Decades Time Lapse in a Commercial Break

Have you ever watched the Game Show Network?

I hadn’t.

And then, for some reason, it was on the TV the other morning. I’ve never had it before, but it came as part of the package with BBC America, home of my favorite non-medical Doctor.

There was an old episode of Match Game ’74, and I struggled to identify the contestants. Steve, with his round glasses, well, that must be Steve Allen, surely, but decades younger than I’d ever seen him. A woman named Brett, who seemed to have more than water in her drinking glass. Charles Nelson Reilly, well, he’s unmistakable. Some woman named Fannie.

And a contestant named Richard.

Dawson? I wondered. He had the thin moustache of the times and thin sideburns to match, but that same square face. Richard Dawson started as contestant, rather than host?

I had to wait until the beginning of the next episode (wonderfully faster with the miracle of TiVo, as I was at the back end of 30 minutes of paused programming) to know for sure.

Yes, it was Richard Dawson, clearly a contestant favorite. And Brett, well, I still can’t remember her last name on demand, I looked it up, it’s Somers. Still not sure who she is, but I probably saw her on an episode of the Love Boat.

And that Fannie? Our very own Fannie Flagg, inventor of Towanda! the subject of a post a few days ago. Younger than I’d ever seen her on the back of a book jacket, and unapologetically wearing a fur (though Brett prodded her miserably over it).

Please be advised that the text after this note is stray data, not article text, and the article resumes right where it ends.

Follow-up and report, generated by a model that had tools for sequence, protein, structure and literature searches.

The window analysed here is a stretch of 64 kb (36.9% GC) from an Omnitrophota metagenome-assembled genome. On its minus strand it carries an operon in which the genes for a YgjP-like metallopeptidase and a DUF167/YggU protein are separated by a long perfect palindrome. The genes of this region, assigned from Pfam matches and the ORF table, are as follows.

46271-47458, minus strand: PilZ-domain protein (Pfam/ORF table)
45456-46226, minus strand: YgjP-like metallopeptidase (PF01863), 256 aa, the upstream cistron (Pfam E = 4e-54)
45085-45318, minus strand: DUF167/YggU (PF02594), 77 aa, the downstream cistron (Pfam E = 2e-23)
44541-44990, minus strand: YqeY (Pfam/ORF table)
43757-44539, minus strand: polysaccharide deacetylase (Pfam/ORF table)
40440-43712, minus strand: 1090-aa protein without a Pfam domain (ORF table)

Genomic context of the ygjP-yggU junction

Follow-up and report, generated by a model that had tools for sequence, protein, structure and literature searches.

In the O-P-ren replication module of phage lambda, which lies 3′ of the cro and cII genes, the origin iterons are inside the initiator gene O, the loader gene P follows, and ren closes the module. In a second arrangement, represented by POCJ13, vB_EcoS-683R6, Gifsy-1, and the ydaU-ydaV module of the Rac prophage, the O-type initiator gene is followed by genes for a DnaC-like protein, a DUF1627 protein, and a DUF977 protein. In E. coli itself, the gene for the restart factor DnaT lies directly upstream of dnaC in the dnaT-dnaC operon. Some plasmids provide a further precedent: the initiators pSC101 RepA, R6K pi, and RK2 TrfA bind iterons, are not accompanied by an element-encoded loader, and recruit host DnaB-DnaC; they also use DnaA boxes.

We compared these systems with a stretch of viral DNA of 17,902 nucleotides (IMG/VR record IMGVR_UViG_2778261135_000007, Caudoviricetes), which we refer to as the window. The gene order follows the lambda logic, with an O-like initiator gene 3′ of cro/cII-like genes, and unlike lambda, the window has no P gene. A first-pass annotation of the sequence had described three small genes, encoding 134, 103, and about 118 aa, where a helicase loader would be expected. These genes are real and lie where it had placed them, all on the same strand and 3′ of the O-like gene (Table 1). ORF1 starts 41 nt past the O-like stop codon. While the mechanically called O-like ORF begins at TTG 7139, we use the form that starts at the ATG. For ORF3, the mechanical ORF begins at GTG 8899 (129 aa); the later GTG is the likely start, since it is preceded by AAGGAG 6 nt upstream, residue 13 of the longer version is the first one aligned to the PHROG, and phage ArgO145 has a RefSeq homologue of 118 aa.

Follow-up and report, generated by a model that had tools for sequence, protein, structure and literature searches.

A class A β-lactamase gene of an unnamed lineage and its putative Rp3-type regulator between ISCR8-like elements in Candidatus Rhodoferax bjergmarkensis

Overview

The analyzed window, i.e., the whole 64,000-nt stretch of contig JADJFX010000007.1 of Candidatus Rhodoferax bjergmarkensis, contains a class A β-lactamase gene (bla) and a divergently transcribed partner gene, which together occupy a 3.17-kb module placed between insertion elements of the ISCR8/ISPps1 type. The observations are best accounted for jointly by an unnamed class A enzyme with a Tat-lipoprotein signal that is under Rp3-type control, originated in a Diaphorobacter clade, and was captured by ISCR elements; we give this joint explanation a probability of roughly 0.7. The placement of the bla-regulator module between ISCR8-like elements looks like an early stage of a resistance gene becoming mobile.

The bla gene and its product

Richard Dawson. I’d never known that the host that kissed all the women in that syndicated favorite started out looking like that.

No wonder.

I took in the clothes, the expressions of the contestants, all of them looking slightly glazed. The wonky technology, which consisted of lights, and when they failed to work, billboard-style numbers made up of individual light bulbs.

The second episode ended, and then it was time to play Family Feud, and there was Richard Dawson again, suddenly a decade older. The clothes had changed, the hair of the contestants was bigger, less contained, the colors never saturated.

I was fascinated.

With game shows, you get such a snapshot of that moment in time. The contestants are real, just regular people, no stylists, they probably did their own hair and makeup. The celebrities are celebrities of that year, of that decade, of that tone. The hobbies and interests and self-explanations are also so rooted in the moment they happened.

One of the poll questions on Family Feud was about appliances that people try to repair themselves and then have to call a repairman. Of the answers, this is the one that got me.

Toaster.

Who calls a repairman for a toaster? Yet in the eighties, enough people did for it to make it on the board.

It’ s like watching Americana, one prize-filled twenty-two minute chunk at a time.

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